Almost five years ago the Centre for Art and Media Technology (ZKM) in Karlsruhe organised an inter-disciplanary exhibition: CTRL (Space): Rhetorics of Surveillance,
devoted to the disquieting and growing presence of control mechanisms in our every-day world (3). Apart from John Lennon and Yoko Ono’s video „Film No.6, Rape“ (1969), one of the earliest works that anticipates the reality-TV aesthetic of today, there were works by roughly 50 established artists such as Sophie Calle, Harun Farocki, Dan Grahame, Bruce Nauman, Andy Warhol, or Peter Weibel. The exhibition showed that artists have, regardless of what was in the news, and in many different ways, long dealt critically with the theme of surveillance.
Stylianos Schicho is also aware that video surveillance represents a huge encroachment on our rights. The law permits citizens to learn where who records what personal information. The majority of figures in Schicho’s pictures convey an impression of insecurity, fear, pessimism or indifference. Do they know whether they are being „merely“ observed or actually recorded? Do they know how long the images are stored, who is „behind the camera“, or what the information will be subsequently used for? Do they want not be noticed by means of their (pretended?) indifference, in order to appear unsuspicious to the camera’s eye, or have they adapted themselves to being observed, in their social behaviour, to such an extent that their apathetic actions might be regarded as being within the norm?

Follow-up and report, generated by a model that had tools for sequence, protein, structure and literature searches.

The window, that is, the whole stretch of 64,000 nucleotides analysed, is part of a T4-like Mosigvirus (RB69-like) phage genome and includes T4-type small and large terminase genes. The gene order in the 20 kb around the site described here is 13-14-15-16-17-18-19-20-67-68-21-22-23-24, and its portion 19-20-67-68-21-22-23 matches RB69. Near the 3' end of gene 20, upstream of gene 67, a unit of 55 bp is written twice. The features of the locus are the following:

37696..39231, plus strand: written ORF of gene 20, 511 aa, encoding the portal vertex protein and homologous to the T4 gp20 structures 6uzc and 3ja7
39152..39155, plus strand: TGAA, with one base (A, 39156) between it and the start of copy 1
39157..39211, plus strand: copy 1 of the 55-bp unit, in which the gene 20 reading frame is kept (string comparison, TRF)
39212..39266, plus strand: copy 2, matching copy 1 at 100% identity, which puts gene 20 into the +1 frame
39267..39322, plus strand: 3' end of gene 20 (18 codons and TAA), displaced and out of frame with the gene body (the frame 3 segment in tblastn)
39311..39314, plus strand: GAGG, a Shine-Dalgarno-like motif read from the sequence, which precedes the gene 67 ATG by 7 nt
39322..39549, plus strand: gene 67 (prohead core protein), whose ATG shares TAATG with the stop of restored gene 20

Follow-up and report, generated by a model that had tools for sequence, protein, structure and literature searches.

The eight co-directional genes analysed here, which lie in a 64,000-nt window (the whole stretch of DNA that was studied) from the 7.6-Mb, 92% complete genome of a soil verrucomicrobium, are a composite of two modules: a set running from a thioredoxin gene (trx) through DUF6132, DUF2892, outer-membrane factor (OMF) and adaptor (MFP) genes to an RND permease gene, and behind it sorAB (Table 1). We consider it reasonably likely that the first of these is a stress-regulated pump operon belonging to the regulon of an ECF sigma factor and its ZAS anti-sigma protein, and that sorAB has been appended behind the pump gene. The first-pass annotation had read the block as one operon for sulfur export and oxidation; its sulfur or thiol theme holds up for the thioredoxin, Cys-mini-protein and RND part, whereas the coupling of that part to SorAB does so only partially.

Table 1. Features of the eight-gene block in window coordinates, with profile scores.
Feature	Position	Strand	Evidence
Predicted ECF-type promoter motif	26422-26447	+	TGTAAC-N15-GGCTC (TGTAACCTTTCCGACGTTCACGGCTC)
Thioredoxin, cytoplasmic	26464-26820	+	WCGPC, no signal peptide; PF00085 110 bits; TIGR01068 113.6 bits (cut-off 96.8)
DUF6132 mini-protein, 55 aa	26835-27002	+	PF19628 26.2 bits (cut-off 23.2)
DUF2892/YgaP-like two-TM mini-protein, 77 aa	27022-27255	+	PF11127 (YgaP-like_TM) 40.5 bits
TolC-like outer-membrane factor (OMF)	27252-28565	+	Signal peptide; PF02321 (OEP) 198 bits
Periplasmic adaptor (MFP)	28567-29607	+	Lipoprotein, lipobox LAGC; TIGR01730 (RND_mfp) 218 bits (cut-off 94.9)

Schicho’s protagonists aren’t only observed in public spaces such as casinos, airplanes, swimming pools or supermarkets, but also in the private sphere, such as while dancing, riding a Vespa, or chatting in a café. Resigned and with absent gazes the figures look past each other. Schicho Stylianos shows, by means of this lack of interaction, people in lonely and emotionally isolated situations. One is reminded of Orwell’s „1984“, and its protagonist Winston Smith, whose life is characterised by constant fear, surveillance, and a lack of personal relationships. In nearly all the works in Schicho’s series of pictures there is one person – often the artist himself- with direct eye-contact with the viewer.
Thus there is a build up of tension between viewer and viewed, between observing and being observed, that deliberately leaves the question unanswered as to „Who observes who?“. In a similar way to Winston Smith’s rebellion against „Big Brother“, while attempting to protect his privacy, the artist’s concentrated, mistrustful, at times aggressive „gazing at the camera“ is an exact inspection of developments in society. Other than in Orwell’s novel though, which reflected the fears of the post-war era, Schicho’s visual world doesn’t conjure up a negative utopia, doesn’t offer a vision of the future, but rather shows, from at one and the same time an unusual and a usual perspective, a differentiated picture of our contemporary surveillance society.
Curator Kunsthalle Krems
(1) Michel Foucault, Surveiller et punir, 1975.
(2) Gilles Deleuze, L’autre journal, Nr. 1, Mai 1990.
(3) CTRL [Space]: Rhetorics of Surveillance from Bentham to Big Brother, Thomas Y. Levin und Ursula Frohne, MIT Press